Compared to pre-pandemic times, more people are now booking recovery services to help them stay well, such as sessions in Tone House’s NormaTec compression therapy devices, Yambot adds. Both Mindbody and fitness startup ClassPass identified “recovery services”—like massages and sauna sessions—as growing trends in recent reports, and the Wall Street Journal has reported on the number of rest and recovery classes popping up in traditional gyms.

Tone House is considering adding more wellness services—and perhaps even yoga classes—to its schedule, Yambot says. That might be surprising given the brand’s reputation, but “it goes back to a more balanced wellness plan, but also a larger approach to life,” Yambot says. “It’s no longer a trendy term. Work-life balance is something that even New Yorkers are looking to incorporate now, more so than before.” (For the record, Yambot says Tone House never set out to become the hardest workout in New York.)

Does that mean the days of high-intensity, physically punishing workouts are over? Not necessarily. According to ClassPass’ 2021 fitness trends report, 60% of people prefer high-energy workouts on stressful days, compared to 40% who go for calming activities like yoga. And Joey Gonzalez, CEO of Barry’s—a brand known for grueling bootcamp classes—says some of his studios are actually seeing higher attendance rates now than before the pandemic. “I don’t think there will be this major shift from high-intensity to low-impact,” he says. “There’s always a time and a place for different types of exercise.”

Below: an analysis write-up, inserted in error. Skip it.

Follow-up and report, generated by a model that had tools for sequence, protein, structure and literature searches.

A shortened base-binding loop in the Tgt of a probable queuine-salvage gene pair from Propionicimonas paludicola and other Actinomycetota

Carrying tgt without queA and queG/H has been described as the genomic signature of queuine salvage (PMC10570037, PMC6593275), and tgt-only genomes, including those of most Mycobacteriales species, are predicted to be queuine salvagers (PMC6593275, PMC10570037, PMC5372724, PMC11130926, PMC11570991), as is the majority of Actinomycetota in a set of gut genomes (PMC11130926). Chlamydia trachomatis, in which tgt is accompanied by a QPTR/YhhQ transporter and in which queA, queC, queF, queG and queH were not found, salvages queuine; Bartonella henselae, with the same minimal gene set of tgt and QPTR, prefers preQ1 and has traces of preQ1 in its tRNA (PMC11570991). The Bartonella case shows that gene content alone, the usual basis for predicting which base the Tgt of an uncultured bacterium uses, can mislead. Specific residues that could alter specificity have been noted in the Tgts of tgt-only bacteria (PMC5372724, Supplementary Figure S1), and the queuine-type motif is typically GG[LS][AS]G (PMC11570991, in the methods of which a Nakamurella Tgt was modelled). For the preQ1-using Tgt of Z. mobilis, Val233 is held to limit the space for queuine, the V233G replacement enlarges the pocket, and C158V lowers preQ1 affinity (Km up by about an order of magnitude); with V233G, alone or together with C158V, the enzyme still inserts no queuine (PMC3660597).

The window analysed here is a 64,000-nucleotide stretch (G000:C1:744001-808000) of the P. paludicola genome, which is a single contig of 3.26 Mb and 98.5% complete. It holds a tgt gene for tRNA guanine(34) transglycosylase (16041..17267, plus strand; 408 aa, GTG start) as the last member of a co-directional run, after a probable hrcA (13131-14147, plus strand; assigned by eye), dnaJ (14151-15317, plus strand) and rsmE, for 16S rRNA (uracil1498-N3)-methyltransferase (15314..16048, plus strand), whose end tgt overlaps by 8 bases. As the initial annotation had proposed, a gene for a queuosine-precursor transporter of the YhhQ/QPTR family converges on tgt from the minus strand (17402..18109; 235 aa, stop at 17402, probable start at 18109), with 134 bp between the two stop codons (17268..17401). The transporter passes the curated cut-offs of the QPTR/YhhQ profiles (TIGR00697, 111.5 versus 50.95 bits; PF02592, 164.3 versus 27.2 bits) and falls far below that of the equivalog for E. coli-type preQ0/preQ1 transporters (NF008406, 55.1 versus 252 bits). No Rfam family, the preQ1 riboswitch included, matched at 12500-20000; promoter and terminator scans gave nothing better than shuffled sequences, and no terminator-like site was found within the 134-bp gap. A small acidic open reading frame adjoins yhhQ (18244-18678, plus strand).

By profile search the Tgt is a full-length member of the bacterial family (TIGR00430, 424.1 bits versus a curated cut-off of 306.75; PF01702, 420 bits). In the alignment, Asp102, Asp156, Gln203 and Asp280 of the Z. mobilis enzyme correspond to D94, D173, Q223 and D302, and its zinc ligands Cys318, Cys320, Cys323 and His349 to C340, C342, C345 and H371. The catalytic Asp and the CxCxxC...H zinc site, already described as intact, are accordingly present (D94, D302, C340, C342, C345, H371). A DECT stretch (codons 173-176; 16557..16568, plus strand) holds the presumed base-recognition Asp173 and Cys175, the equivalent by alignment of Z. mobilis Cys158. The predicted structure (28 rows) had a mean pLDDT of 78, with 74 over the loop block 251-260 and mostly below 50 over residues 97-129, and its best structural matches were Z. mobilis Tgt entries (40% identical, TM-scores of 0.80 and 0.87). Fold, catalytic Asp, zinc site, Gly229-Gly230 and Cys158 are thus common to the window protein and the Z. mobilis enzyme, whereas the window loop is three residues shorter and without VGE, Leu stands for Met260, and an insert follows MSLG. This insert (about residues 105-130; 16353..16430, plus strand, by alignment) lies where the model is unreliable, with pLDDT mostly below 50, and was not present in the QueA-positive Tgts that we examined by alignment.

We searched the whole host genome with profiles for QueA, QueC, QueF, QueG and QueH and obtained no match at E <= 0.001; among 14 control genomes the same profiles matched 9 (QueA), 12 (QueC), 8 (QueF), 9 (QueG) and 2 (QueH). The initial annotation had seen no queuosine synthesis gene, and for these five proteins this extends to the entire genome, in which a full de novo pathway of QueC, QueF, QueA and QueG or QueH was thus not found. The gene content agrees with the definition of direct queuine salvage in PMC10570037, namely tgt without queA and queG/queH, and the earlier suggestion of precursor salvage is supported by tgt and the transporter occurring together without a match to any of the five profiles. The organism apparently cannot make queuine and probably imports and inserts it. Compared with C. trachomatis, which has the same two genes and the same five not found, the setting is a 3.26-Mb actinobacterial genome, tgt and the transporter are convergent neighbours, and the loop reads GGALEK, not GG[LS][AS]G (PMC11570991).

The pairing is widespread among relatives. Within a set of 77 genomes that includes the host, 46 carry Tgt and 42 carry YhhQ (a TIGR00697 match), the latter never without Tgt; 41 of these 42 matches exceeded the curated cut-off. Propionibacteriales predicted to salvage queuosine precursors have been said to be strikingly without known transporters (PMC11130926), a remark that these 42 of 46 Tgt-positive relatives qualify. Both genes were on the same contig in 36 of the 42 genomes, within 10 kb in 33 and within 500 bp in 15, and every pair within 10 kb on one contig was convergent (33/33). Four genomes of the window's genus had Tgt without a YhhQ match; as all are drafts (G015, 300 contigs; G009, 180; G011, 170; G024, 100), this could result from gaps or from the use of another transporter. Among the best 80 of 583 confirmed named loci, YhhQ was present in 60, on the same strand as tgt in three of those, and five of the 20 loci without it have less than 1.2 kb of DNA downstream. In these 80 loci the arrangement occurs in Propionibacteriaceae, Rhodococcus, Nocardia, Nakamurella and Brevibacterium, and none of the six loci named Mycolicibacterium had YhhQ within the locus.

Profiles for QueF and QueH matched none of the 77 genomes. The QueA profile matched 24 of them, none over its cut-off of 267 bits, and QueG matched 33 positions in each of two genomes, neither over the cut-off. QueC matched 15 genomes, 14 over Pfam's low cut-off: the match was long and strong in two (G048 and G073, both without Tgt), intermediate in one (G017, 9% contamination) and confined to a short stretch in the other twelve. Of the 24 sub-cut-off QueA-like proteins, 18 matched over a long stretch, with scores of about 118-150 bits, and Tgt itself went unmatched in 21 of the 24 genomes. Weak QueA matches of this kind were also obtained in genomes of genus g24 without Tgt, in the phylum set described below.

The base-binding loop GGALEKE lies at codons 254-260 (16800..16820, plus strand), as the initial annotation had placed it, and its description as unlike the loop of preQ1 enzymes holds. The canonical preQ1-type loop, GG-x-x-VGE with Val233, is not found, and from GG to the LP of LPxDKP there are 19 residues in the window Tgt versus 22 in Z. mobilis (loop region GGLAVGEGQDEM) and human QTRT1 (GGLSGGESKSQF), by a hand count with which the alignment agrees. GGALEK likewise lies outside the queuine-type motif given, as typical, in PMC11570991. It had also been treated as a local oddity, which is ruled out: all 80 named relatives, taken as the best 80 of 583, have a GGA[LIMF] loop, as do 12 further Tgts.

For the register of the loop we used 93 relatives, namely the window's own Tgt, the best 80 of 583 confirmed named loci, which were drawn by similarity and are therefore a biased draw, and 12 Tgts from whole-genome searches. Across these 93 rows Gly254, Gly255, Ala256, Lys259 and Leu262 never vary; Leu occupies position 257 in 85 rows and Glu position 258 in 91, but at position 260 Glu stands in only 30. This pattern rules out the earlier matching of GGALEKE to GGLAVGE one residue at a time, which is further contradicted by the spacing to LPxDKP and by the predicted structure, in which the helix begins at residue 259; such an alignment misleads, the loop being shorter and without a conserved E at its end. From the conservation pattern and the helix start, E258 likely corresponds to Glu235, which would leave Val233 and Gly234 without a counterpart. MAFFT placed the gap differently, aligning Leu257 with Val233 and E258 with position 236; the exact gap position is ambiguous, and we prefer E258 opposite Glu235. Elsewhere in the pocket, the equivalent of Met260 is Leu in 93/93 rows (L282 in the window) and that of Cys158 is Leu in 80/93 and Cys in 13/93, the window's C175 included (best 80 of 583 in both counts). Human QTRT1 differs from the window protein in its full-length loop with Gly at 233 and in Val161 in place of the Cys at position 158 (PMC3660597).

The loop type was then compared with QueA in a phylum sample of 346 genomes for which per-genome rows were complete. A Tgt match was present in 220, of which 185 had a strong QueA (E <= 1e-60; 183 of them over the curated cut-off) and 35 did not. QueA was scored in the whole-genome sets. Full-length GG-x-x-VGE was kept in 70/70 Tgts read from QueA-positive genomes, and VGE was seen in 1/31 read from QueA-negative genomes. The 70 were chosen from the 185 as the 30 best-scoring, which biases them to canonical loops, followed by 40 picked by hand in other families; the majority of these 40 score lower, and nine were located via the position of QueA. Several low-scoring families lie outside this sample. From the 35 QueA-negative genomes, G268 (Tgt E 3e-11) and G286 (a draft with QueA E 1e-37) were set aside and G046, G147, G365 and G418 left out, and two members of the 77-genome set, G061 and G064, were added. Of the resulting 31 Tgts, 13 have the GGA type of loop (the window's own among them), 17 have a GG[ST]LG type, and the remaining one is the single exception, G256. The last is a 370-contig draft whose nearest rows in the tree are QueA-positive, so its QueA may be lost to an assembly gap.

That’s probably true, Petrzela says. “What we might be seeing is not so much a change in the actual exercise modalities that people are participating in, but more in their approaches to them,” she explains. Take CrossFit, which is known for workouts that feature exercises like Olympic weight-lifting and cardio circuits—and an intensity that some people allege has driven them to injury. The workouts are still intense, but the brand’s new CEO recently told TIME he is committed to making CrossFit a healthier company, culturally speaking.

At Barry’s, mental health is also becoming a higher priority for the brand, even if its core offerings aren’t changing drastically, Gonzalez says. Each year, Barry’s sponsors a challenge for members: essentially, a push to attend lots of classes over a month-long period. This year, the challenge had a mental health theme. Participants got a free trial of the therapy platform BetterHelp if they signed up, and Barry’s hosted virtual conversations about mental wellness.

A gentler, slower pandemic-era mindset—with an extra focus on mental health—may have softened the edges of some tough workouts for now. But Petrzela suspects that a newfound dedication to mental well-being is not the only thing motivating people.

“Even with meditation and gentler mindfulness practices, there are a lot of people who engage in those to ‘self-optimize’ and be better at other things,” Petrzela says. In American culture, she says, mindfulness is often just another way to work on “improving your hustle, not taking a rest from it.”

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Write to Jamie Ducharme at jamie.ducharme@time.com.